Four Phrases to Remove or Replace
Henry Ford was quoted as saying, “Whether you think you can, or you think you can’t, you’re right.” No truer words were ever spoken. Our thoughts about ourselves and our abilities influence how we feel and show up, which in turn influences our actions and the potential we have for success. The bottom line is that our minds believe the words we say and the thoughts we think.
Does your self-talk build you up or bring you down?
Most of us don’t even realize that our words support or undermine our results. And sometimes, it’s not even what we say, but how we phrase it, that has a negative effect on how we see ourselves. What this means is that we don’t need anyone else to psyche us out…in many cases we are doing it to ourselves. But the good news is that it is within our control to develop a more productive internal dialogue.
The important first step is to become aware of your word choice. It is only when you truly listen to what you are saying and how you are saying it, that you can eliminate a damaging phrase or reframe it in such a way, that makes it not only more accurate, but also more empowering. Here are four phrases to remove or replace, pronto!
1) “I can’t…” I start with a nod to good, ‘ole Henry. We’ve already established that if you think you can’t, you probably won’t. Interesting enough, you might have already learned this lesson as a child. Think back to the bedtime story most of us are told about the little engine that could. He was successful because he repeated…”I think I can. I think I can. I think I can.” So he did…and so can you. The truth is that we can do anything when we put our mind to it. So when you’re thinking, “I can’t,” replace it with “I can” or “I haven’t thus far, but I am up for it.”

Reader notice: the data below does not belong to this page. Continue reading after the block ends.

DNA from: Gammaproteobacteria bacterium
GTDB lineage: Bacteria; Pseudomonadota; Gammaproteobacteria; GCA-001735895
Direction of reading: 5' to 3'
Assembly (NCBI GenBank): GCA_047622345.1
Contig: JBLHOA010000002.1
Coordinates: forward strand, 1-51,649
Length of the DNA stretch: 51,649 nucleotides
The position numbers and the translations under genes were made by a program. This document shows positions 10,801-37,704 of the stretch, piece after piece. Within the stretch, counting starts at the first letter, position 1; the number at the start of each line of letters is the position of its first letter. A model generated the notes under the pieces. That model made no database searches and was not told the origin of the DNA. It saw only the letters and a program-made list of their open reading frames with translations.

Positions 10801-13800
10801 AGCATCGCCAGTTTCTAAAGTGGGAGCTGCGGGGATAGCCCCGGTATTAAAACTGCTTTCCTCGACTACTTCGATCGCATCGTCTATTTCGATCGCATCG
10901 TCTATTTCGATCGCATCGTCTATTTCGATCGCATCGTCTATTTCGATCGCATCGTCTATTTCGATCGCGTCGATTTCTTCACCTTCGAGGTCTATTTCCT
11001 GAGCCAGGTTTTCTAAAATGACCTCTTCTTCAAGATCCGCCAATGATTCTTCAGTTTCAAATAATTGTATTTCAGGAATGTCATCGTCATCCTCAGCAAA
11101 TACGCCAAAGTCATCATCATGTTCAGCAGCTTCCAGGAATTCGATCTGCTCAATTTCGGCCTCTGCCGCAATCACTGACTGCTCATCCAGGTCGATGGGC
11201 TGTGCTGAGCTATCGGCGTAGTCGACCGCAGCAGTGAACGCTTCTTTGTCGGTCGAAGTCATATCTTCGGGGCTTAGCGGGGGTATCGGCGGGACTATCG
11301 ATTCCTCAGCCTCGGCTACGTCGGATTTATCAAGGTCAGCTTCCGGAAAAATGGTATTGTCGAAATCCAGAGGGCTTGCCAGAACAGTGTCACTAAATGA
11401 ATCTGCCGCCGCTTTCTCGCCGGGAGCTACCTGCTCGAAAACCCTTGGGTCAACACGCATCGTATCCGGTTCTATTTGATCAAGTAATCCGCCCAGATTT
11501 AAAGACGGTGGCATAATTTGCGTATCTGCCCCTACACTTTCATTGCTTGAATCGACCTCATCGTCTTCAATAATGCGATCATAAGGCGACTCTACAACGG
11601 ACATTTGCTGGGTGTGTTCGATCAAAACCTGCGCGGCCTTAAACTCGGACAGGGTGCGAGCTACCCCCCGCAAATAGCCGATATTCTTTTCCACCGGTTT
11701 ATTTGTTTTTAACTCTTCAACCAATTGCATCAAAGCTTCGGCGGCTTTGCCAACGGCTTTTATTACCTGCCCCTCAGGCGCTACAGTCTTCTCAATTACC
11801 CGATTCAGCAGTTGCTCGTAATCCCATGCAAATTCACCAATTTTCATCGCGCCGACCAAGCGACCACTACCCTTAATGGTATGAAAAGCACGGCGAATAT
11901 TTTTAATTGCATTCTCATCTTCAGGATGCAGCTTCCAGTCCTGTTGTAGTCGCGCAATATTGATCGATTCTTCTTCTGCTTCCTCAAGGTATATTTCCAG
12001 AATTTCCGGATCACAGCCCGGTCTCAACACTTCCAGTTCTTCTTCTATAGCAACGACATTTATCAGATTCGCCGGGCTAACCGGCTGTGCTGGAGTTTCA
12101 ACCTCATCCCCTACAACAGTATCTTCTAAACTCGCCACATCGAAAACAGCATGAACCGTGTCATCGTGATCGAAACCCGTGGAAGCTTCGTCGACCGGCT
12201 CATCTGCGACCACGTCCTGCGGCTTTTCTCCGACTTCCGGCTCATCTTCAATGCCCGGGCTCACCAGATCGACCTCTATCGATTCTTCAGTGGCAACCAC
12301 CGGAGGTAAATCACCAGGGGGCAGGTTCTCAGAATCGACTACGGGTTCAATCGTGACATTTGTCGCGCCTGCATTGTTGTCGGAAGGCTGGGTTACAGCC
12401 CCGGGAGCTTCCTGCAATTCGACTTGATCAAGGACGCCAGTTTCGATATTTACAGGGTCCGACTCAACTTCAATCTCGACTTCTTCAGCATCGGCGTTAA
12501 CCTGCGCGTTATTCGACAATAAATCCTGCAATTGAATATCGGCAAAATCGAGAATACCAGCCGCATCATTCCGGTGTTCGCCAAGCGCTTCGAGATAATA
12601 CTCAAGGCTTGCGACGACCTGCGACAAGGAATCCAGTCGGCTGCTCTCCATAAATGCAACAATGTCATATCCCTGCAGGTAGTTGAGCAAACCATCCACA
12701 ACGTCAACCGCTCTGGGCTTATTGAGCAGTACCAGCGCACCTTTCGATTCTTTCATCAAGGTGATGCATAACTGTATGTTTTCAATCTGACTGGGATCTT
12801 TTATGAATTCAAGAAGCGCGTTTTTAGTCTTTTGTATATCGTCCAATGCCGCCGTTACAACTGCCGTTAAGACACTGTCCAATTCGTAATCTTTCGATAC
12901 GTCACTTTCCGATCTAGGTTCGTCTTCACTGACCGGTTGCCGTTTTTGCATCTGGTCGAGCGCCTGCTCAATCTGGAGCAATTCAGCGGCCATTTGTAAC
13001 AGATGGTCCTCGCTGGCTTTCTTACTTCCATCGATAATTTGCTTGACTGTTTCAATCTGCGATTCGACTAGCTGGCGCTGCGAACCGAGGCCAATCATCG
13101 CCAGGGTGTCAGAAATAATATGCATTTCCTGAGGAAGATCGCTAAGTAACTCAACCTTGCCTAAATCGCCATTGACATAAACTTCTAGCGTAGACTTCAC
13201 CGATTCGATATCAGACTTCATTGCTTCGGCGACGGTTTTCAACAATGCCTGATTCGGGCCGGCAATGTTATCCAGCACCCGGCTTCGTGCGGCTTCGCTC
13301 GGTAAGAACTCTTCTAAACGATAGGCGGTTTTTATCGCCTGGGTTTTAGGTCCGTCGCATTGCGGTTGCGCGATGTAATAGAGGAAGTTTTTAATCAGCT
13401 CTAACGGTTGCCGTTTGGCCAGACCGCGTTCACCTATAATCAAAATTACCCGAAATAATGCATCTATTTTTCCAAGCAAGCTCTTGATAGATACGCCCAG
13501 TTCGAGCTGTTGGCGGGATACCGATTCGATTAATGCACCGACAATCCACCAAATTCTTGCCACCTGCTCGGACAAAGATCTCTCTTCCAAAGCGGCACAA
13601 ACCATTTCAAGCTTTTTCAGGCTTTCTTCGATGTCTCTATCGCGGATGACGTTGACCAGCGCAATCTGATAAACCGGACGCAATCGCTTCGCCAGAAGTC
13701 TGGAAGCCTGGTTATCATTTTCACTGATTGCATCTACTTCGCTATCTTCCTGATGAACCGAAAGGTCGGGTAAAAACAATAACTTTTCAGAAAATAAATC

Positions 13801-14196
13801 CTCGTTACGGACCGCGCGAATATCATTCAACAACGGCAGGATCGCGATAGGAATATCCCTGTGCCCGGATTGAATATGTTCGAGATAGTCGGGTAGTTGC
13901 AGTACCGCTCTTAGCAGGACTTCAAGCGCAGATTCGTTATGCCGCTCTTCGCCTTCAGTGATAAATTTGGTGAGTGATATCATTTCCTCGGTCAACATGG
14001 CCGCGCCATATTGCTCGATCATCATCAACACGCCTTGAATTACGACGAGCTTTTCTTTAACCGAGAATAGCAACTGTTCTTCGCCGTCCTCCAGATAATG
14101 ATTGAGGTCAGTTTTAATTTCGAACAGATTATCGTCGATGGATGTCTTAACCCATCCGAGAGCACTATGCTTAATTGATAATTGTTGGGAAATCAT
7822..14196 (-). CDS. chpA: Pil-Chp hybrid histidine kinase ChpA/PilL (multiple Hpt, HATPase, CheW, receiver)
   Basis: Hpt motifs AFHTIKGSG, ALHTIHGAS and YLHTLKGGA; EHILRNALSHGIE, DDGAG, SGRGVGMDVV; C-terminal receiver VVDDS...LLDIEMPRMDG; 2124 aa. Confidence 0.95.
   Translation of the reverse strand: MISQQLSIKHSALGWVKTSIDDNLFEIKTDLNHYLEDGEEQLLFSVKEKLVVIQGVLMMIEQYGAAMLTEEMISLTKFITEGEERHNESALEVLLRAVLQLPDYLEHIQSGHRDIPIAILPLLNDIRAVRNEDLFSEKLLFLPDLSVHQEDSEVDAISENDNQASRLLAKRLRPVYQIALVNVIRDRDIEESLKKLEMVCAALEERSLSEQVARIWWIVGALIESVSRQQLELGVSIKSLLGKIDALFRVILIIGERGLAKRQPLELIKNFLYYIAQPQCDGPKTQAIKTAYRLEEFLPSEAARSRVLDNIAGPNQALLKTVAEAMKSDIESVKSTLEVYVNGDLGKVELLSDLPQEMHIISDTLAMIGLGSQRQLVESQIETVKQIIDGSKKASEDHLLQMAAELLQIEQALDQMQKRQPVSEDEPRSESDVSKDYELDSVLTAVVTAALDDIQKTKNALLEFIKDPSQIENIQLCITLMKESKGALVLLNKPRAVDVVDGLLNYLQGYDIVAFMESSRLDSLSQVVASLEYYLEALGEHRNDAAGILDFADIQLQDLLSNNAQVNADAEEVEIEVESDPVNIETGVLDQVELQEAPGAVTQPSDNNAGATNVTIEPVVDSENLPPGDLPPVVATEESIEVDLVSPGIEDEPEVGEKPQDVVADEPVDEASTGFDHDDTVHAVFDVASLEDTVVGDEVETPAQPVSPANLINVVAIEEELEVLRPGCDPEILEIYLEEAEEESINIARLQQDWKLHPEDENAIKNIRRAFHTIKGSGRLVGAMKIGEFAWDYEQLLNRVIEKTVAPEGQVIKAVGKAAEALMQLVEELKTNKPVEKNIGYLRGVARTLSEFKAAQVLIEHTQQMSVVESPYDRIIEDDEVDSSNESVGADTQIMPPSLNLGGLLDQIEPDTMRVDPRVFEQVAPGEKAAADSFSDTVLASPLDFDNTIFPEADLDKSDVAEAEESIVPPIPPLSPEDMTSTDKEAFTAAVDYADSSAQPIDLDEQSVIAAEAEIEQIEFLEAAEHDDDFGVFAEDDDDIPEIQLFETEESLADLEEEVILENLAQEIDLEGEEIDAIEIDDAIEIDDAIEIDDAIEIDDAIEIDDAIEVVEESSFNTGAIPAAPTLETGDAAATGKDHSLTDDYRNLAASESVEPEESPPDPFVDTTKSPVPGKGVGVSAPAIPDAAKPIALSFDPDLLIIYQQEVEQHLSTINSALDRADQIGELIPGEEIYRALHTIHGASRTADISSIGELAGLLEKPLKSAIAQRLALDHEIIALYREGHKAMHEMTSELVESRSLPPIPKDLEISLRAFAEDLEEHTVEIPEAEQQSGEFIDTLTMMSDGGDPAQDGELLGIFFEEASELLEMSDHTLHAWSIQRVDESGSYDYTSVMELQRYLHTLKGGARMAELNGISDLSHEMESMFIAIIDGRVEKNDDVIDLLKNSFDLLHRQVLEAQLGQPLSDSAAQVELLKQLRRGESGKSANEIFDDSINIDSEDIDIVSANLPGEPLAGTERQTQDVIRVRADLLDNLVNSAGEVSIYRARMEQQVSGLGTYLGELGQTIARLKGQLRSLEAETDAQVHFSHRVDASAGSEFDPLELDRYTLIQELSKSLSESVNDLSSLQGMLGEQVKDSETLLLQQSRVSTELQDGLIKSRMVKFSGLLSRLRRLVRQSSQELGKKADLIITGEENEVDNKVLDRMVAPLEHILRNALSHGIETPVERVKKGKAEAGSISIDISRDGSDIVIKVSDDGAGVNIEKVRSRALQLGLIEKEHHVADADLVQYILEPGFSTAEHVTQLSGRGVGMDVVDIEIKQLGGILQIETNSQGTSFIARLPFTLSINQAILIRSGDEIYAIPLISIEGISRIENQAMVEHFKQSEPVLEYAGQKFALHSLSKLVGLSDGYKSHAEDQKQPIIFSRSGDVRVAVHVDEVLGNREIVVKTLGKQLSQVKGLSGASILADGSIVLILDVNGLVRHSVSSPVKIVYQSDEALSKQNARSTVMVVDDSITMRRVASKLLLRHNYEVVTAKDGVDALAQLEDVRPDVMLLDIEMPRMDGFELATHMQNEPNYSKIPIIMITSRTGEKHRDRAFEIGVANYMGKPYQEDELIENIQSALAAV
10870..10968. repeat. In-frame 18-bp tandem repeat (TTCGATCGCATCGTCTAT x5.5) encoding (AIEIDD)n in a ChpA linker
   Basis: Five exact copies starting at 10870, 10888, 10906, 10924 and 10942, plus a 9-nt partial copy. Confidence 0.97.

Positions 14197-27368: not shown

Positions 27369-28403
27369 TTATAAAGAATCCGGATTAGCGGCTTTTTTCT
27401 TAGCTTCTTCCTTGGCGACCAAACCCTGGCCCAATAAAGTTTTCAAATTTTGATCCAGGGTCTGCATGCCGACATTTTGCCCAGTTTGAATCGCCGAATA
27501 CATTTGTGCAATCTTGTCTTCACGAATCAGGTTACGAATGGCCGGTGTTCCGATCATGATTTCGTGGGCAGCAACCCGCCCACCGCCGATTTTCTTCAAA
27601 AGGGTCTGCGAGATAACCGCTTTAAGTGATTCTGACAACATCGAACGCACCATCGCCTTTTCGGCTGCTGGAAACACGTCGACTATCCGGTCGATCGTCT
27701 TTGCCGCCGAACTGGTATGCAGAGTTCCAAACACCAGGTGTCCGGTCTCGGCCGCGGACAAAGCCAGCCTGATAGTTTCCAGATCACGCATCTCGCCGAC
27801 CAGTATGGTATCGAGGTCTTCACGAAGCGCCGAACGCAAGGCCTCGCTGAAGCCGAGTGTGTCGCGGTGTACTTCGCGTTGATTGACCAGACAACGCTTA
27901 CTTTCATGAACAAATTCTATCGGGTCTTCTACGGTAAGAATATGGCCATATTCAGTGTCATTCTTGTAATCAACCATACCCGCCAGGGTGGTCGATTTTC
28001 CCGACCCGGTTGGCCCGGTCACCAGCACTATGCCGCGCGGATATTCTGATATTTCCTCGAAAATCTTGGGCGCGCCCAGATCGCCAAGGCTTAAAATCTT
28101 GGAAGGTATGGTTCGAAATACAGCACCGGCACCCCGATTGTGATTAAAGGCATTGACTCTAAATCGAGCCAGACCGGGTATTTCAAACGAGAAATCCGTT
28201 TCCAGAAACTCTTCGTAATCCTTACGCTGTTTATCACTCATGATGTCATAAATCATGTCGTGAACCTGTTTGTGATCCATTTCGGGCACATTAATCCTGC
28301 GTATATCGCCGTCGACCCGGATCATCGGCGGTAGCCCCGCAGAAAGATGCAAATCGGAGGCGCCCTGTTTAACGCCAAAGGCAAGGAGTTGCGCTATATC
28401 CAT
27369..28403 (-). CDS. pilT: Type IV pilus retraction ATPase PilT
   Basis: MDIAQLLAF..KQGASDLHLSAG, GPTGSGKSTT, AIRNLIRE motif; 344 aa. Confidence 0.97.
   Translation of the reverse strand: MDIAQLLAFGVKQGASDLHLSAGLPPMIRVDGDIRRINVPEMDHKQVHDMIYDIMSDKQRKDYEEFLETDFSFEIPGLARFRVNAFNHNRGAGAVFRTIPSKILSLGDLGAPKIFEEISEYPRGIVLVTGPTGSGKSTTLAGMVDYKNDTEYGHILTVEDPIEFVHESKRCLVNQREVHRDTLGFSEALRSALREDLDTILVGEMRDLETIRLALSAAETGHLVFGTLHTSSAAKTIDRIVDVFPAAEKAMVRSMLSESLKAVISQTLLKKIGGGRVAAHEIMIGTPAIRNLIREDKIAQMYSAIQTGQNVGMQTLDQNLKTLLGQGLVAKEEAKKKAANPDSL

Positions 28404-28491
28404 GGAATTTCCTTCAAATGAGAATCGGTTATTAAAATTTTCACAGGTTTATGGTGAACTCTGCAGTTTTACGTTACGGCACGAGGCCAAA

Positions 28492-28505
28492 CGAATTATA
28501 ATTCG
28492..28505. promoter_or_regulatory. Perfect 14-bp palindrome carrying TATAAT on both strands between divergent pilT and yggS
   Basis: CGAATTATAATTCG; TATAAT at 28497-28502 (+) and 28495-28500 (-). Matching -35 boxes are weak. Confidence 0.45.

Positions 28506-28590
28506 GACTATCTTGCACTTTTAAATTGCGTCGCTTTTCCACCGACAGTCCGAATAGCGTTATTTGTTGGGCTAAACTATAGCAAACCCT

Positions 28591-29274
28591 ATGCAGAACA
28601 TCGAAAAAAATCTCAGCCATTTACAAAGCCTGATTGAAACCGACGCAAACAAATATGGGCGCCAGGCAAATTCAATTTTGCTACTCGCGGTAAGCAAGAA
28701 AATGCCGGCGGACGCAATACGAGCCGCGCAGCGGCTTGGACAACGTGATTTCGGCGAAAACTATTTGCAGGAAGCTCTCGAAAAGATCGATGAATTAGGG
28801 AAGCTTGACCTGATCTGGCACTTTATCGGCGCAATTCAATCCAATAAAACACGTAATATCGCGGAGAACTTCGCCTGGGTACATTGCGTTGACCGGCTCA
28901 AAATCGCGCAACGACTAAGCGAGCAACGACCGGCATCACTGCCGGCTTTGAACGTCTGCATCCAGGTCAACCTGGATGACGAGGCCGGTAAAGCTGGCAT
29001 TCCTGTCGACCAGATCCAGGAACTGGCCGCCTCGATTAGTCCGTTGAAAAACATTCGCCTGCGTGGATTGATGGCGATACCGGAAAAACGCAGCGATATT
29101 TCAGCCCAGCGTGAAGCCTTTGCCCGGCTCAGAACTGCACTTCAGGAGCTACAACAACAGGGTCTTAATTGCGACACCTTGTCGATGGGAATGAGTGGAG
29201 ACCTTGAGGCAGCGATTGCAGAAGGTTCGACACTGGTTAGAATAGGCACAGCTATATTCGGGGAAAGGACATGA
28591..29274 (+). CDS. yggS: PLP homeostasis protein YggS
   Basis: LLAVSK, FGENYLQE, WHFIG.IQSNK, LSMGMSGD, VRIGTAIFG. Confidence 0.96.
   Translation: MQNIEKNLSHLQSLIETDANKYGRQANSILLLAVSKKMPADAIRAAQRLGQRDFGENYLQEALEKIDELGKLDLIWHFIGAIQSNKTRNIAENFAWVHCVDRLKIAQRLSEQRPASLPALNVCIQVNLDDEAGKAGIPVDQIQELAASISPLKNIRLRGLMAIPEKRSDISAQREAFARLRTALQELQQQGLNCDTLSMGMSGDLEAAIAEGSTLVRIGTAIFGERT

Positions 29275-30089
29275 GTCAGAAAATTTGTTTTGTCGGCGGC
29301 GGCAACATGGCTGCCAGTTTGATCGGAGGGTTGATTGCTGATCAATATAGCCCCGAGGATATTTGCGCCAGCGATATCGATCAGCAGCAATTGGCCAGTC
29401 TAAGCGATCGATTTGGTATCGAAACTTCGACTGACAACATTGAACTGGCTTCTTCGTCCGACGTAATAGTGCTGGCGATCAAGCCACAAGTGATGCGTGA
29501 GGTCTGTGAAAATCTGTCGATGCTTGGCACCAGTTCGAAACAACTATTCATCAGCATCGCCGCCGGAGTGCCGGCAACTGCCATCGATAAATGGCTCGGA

2) “I’ll try…” Let’s face it. “I’ll try” gives you just enough wiggle room to not to do something that is probably within your capabilities. It reminds me of when I was a kid and I would ask my parents’ permission to do something – and they would say “maybe.” There was a 50% chance that they’d say no (which was often the case). It’s the same thing as “I’ll try.” There’s a 50% chance that you won’t. So if it is something that you want to do but are fearful of, why not replace “I’ll try” with “I will.” It’s a much stronger intention which means there’s a much higher likelihood of success.
3) “I have to…” I have to work hard. I have to work out. I have to clean the apartment. I’m not saying that these things aren’t things that need doing. However the energy behind “have to” is low and lacks enthusiasm. There is a feeling of resistance, which makes the task is seem harder than it is, and also resignation. Instead why not swap “I have to” with “I choose to” or better yet, “I want to.” Both swaps make the task seem less insurmountable and acknowledge your free will.
4) “I hope…” I hope that I get the job. I hope that I finish in time. I hope that I lose enough weight to fit in the dress. The inference of “I hope” is that you have no control over the situation. You are essentially in surrender mode, giving up all of your power to effect change. When you replace “I hope” with “I know” you begin to feel like you are in control, and not at the mercy of some unforeseen circumstances.
There are many other phrases you might consider eliminating or at least exchanging, but this gives you a great place to start. Yes, your words are your reality…but they are also your choice.